Outdoor Residential Waste Burning
This page last reviewed January 10, 2013.
|Burning household waste affects
your health and your community's health...
Do you know the dangers from burning household waste near your home? Today's trash contains plastics, metals, and synthetic materials that create dangerous chemicals when burned. These chemicals include dioxins, benzene, PCBs (polychlorinated biphenyls), and other compounds that are known to cause respiratory ailments, stress human immune systems, and are potentially carcinogenic.
To protect community health, the Air Resources Board (ARB) approved an Airborne Toxic Control Measure (ATCM) to reduce air emissions of dioxins and other toxic substances from outdoor residential waste burning statewide.
Beginning January 1, 2004, no household trash or garbage can be burned outdoors at residences. Dry, natural vegetation, grown on the property, can still be burned outdoors in open piles, unless prohibited by local controls. Burn barrels are not allowed for burning waste, including vegetation, at residences.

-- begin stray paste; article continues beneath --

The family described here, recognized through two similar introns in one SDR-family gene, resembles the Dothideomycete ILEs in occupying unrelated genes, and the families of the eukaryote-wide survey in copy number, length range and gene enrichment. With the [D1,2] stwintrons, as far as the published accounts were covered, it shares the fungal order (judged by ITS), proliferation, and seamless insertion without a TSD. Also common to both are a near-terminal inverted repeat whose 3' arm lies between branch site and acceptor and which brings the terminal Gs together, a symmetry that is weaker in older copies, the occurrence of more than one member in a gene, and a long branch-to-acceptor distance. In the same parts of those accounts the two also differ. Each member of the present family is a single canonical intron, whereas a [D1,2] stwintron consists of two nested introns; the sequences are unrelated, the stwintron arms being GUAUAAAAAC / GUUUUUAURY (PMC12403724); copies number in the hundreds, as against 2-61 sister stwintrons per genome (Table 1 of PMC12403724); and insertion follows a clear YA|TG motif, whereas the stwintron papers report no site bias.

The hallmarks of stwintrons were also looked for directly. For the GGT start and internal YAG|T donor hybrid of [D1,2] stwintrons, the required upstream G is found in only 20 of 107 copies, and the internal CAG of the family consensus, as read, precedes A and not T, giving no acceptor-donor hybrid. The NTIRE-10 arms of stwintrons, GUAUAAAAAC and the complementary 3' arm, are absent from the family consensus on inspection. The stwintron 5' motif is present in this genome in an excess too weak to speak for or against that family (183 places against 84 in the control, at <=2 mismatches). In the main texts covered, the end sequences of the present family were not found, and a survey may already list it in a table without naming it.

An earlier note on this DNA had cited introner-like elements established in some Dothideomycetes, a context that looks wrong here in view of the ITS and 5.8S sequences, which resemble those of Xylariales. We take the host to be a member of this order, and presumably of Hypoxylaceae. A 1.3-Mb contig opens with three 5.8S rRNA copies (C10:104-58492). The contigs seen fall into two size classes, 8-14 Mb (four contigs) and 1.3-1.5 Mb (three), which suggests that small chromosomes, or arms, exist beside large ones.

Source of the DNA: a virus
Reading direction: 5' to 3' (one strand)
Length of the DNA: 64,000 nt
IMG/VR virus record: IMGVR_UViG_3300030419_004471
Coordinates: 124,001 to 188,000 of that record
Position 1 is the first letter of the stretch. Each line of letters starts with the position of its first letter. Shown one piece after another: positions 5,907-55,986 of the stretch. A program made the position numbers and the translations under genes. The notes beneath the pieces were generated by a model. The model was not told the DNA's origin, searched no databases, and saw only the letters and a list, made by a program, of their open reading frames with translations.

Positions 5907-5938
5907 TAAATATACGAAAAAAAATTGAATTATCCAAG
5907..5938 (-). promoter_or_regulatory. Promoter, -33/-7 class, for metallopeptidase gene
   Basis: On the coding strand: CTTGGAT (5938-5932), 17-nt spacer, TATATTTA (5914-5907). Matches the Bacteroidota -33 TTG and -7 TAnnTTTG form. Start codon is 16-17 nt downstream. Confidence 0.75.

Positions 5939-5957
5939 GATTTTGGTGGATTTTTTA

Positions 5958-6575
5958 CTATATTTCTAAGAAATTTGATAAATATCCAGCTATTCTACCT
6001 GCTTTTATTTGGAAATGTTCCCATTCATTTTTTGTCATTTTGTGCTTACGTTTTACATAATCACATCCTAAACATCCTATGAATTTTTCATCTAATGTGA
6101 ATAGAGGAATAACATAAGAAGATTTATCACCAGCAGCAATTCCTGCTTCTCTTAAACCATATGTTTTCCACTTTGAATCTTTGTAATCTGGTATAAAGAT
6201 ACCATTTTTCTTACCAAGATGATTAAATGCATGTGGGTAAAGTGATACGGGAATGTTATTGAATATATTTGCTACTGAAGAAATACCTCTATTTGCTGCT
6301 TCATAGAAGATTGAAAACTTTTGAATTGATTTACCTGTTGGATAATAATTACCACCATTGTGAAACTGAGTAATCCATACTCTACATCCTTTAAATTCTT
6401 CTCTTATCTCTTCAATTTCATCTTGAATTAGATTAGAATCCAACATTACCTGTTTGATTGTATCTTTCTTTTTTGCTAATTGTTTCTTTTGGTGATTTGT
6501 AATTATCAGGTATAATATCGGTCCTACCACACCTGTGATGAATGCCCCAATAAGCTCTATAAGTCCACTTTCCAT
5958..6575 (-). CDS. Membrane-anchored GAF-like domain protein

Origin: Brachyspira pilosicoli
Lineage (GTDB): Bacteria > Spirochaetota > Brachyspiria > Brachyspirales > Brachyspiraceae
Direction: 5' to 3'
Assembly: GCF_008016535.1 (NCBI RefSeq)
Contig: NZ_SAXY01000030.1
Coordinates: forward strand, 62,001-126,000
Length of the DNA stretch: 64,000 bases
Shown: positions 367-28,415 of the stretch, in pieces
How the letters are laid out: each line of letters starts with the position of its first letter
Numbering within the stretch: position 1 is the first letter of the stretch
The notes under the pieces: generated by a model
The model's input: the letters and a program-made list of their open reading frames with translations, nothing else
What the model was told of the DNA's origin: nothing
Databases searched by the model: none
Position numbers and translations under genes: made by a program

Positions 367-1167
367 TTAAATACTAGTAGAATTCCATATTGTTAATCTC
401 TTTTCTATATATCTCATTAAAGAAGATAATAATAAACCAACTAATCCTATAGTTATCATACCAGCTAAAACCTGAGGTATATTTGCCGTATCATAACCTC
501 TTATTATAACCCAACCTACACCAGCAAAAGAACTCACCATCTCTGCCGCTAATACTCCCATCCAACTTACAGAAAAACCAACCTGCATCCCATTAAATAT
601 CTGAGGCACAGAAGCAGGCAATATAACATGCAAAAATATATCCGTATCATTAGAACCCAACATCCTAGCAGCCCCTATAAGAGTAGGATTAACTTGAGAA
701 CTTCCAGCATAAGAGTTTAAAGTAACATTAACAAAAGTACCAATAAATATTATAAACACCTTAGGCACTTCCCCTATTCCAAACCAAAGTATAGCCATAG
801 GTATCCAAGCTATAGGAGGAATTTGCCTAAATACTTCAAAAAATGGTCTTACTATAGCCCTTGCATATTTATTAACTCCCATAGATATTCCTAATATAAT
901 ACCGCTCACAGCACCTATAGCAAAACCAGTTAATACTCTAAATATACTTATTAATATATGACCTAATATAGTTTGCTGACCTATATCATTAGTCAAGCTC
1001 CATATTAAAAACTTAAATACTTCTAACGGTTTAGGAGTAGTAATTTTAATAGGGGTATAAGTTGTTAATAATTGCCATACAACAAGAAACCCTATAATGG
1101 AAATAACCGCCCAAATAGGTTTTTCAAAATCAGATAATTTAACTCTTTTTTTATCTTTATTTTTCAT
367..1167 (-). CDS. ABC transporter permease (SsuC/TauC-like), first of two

There are temporary exemption areas, with extremely low population density, where dry, non-glossy paper and cardboard can still be burned, and where burn barrels are still allowed at residences. These temporary exemption areas were determined by local air districts and are listed by zip code in each county. California's Integrated Waste Management Board has compiled information about alternative waste disposal options in your community. Contact your local air district to find more information about residential burning in your area, including times when burning is restricted due to poor air quality.
For more information, please contact Ms. Tina Suarez-Murias, Air Pollution Specialist, Particulate Matter Analysis Section, at (916) 323-1495.